Reading pet food labels can be a maze of confusing terminology and obscure ingredients, leaving you wondering how to interpret them. Learning about these labels is crucial for ensuring your furry friend gets the nutrition they need. Our Mobile Cat & Dog Vet team breaks down pet food labels’ essential components, empowering you to make informed decisions about your pet’s diet.

Pet food standards

The Association of American Feed Control Officials (AAFCO) sets livestock feed and pet food standards. AAFCO determines if pet food is “complete and balanced,” meaning the food is nutritionally adequate based on a pet’s life stage. For example, pet food for puppies must meet AAFCO’s guidelines for what’s nutritionally adequate for their life stage. However, keep in mind that AAFCO only requires adequacy, not optimal quality. Your primary care veterinarian is your best source to provide nutritional guidance for your pet. 

Pet food ingredients list

The ingredients list is a pet food label’s most critical component. The ingredients are often placed near the label’s top, which lists everything in the food in decreasing order of the amount. The top three ingredients indicate the quality of your pet’s diet because these ingredients are most abundant. While reading through the list, ensure the ingredients are recognizable and include high-quality protein, including:

  • Chicken
  • Beef
  • Salmon or other fish
  • Duck
  • Wild boar or game meat
  • Lamb

If “meal” or “meat by-products” are listed as being the food’s protein source, organ meats, such as the intestines, gizzards, and other organ meat, are the most abundant protein source in the food. While these meat products may not sound tasty to you, the AAFCO standards deem them adequate. Debate continues about whether animal byproducts are as healthy as whole meat, so you should discuss this with your veterinarian. 

Guaranteed analysis for pet food

This analysis outlines a pet food’s minimum and maximum critical nutrient levels, including protein, fat, fiber, and moisture. The term “crude” in a guaranteed analysis refers to the method used to determine the pet food’s nutrient content. “Crude” does not relate to an ingredient’s quality but rather the measurement. Protein content is determined by analyzing nitrogen levels, and fat content is determined by analyzing lipids present. Pay attention to the protein and fat content, which are crucial for your pet’s energy and overall health. Remember that the guaranteed analysis is based on an as-fed basis, so you may need to adjust for moisture content when comparing various pet food diets.

Pet food nutritional adequacy statement

The AAFCO statement, or nutritional adequacy statement, indicates whether the pet food is formulated to meet AAFCO’s established nutritional requirements. Look for phrases, such as “complete and balanced” or “meets AAFCO nutrient profiles,” to ensure the food provides adequate nutrition for your pet’s life stage.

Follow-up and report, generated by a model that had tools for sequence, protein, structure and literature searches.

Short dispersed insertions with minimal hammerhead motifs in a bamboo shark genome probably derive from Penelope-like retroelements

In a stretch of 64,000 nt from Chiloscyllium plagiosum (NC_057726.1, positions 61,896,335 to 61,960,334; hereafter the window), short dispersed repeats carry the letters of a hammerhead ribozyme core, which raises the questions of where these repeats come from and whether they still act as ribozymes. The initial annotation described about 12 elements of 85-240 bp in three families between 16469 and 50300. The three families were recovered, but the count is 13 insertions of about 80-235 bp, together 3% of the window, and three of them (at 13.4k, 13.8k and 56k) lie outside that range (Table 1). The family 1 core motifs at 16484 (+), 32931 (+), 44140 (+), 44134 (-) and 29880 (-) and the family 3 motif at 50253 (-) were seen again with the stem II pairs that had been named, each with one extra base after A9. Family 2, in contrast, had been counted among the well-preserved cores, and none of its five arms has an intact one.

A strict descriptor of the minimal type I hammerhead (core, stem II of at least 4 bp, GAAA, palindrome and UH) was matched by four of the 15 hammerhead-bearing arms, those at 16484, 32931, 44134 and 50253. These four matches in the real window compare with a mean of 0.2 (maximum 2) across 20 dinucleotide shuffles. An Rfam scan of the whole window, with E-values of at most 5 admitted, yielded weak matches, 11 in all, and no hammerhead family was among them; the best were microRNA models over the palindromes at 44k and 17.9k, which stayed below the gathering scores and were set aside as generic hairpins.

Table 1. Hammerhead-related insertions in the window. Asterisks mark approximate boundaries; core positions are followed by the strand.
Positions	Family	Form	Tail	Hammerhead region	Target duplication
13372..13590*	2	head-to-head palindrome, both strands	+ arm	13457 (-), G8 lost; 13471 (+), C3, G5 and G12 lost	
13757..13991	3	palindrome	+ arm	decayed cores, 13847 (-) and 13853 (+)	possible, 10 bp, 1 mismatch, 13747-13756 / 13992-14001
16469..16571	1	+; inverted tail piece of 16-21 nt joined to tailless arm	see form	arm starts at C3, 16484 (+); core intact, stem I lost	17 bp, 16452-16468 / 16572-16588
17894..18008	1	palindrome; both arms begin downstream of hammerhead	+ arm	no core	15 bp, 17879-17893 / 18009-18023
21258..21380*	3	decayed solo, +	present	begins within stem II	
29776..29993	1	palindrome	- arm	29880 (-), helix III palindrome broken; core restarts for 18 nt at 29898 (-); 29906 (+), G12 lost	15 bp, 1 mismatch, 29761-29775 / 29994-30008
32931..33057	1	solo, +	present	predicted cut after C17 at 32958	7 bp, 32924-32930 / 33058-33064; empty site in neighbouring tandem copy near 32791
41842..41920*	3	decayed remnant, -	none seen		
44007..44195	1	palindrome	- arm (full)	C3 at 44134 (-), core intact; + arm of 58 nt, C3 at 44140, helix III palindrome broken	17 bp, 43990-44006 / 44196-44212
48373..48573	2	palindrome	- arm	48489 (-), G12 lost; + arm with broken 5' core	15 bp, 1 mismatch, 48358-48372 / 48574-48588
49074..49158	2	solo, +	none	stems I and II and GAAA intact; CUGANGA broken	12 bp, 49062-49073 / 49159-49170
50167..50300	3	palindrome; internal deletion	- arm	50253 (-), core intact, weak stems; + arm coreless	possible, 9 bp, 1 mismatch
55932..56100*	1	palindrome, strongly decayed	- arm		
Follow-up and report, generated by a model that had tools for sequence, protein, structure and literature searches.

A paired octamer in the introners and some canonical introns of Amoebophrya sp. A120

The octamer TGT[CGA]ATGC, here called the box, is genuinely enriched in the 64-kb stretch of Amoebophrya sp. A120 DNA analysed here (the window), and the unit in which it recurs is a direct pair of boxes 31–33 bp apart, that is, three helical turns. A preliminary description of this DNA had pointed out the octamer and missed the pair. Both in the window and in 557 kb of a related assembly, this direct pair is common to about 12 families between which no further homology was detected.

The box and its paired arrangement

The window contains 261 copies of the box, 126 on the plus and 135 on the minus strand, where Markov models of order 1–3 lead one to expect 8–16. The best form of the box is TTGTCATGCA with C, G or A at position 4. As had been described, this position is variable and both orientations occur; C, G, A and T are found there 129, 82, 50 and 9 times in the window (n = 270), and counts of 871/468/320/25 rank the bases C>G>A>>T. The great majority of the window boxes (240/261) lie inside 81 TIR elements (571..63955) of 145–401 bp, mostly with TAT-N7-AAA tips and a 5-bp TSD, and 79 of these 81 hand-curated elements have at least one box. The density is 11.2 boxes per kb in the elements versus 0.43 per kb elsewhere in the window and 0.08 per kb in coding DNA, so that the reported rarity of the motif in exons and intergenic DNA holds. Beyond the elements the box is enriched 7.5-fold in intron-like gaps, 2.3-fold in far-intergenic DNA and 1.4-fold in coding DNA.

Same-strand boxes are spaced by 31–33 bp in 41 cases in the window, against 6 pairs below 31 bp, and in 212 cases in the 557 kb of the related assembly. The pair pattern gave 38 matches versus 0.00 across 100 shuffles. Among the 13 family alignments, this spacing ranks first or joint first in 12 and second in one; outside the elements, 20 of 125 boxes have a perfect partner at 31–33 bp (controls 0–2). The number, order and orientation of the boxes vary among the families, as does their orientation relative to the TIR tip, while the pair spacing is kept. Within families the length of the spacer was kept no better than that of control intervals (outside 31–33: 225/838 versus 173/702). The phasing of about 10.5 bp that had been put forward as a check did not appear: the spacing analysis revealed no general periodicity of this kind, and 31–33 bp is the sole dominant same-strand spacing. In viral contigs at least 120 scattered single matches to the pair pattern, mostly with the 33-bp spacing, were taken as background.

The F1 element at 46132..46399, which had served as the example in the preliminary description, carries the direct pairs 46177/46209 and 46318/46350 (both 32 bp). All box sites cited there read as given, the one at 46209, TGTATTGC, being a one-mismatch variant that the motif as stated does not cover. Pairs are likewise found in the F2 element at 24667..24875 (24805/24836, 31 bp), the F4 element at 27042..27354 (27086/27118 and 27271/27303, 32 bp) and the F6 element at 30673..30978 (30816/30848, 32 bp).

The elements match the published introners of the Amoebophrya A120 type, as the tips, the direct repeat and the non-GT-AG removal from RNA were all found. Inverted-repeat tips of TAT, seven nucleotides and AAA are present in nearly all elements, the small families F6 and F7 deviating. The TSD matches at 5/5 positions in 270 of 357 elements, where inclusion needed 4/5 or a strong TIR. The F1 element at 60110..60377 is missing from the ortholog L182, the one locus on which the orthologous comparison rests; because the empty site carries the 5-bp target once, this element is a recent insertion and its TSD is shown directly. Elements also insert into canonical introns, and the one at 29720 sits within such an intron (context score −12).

Pet food for the appropriate life stage

Pet food manufacturers base their food formulas on meeting dogs’ or cats’ nutritional needs at various life stages. Puppies and kittens require additional vitamins, minerals, and other nutrients to support their rapid growth. In contrast, adult and older cats and dogs require food tailored to their life stage. Specialty diets meet the specific needs of certain breeds or health conditions, including low-calorie for weight management, and sensitive stomach formulas. Choose a food that aligns with your pet’s age, activity level, and any specific health concerns they may have. Consult with your veterinarian to determine the correct diet for your furry friend. 

Pet food feeding instructions

Feeding your pet the correct amount of food each day is critical to maintaining their healthy weight. Feeding instructions on a pet food’s label recommend the amount to feed your cat or dog based on their weight, life stage, and activity level. Remember, these are general guidelines, and individual pets may require more or less food depending on factors such as their metabolism, underlying health conditions, and exercise. Talk with your veterinarian about the appropriate amount to feed your pet daily.

Deciphering pet food labels empowers you to make informed choices about your pet’s nutrition and overall vitality. Your primary care veterinarian can advise you on keeping your pet in excellent shape through the power of nutrition. If your pet needs palliative or hospice care, call our Mobile Cat & Dog Vet to schedule a consultation.